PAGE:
55.When the Syracusians had now manifestly overcome their fleet (for they feared at first the supply of galleys that came with Demosthenes), the Athenians were in good earnest utterly out of heart.And as they were much deceived in the event, so they repented more of the voyage.
For having come against these cities, the only ones that were for institution like unto their own and governed by the people as well as themselves, and which had a navy and horses and greatness, seeing they could create no dissension amongst them about change of government to win them that way, nor could subdue it with the greatness of their forces when they were far the stronger, but misprospered in most of their designs, they were then at their wits' end;but now, when they were also vanquished by sea (which they would never have thought), they were much more dejected than ever.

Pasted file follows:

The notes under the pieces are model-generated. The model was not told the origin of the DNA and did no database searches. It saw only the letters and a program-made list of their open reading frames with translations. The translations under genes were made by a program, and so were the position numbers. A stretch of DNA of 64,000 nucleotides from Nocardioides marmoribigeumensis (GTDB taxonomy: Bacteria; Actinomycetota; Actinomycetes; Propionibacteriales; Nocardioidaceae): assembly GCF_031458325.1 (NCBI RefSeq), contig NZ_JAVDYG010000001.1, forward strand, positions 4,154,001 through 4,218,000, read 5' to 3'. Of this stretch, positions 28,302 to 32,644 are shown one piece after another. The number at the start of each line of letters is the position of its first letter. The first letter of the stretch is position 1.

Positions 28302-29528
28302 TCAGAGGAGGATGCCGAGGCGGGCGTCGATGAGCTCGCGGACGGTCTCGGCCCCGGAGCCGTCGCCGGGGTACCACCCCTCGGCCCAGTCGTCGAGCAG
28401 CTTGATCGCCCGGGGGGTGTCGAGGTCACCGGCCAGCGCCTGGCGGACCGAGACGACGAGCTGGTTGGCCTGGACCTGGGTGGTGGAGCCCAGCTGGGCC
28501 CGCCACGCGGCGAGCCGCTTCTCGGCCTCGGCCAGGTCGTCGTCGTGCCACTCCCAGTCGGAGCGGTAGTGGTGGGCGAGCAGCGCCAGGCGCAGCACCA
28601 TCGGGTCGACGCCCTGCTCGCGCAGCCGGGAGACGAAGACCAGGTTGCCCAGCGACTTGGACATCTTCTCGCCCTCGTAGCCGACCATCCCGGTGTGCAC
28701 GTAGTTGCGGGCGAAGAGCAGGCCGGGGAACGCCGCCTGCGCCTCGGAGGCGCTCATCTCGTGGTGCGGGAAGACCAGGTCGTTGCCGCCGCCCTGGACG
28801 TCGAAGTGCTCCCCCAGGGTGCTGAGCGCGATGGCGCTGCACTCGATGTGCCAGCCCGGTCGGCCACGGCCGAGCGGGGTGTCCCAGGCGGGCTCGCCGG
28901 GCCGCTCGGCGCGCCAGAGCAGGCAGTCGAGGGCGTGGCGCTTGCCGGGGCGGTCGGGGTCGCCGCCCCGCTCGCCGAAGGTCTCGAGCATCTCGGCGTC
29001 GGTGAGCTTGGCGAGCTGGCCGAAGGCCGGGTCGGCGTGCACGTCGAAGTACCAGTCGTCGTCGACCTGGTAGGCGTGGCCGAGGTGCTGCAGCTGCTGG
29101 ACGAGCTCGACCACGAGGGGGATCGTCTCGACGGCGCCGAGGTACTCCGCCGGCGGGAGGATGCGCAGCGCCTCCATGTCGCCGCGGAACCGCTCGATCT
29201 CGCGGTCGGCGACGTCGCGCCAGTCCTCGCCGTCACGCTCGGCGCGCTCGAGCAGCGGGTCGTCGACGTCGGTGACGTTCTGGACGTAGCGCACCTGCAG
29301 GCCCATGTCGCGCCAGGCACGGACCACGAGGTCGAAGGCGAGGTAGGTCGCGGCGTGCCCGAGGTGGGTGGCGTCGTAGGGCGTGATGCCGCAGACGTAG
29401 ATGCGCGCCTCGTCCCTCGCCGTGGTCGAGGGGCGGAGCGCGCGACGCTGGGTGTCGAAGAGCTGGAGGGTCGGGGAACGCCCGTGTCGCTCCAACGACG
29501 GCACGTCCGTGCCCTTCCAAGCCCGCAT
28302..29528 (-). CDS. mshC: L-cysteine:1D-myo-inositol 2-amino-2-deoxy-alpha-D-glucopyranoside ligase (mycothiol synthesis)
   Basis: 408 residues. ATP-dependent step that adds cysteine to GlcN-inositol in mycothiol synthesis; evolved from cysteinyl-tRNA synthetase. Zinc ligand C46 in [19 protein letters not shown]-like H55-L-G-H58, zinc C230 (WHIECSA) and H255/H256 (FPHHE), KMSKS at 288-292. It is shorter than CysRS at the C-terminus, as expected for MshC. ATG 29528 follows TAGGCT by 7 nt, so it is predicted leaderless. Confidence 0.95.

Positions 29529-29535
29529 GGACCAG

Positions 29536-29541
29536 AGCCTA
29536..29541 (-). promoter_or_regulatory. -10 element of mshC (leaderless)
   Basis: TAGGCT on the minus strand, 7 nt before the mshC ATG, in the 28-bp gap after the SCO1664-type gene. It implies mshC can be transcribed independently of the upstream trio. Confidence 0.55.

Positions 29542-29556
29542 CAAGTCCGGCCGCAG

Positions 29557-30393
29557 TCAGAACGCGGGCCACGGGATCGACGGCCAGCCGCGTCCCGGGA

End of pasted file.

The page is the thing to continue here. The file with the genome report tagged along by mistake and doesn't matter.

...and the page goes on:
The English works of Thomas Hobbes of Malmesbury. Thucydides. Thomas Hobbes. translator. London. Bohn. 1843.
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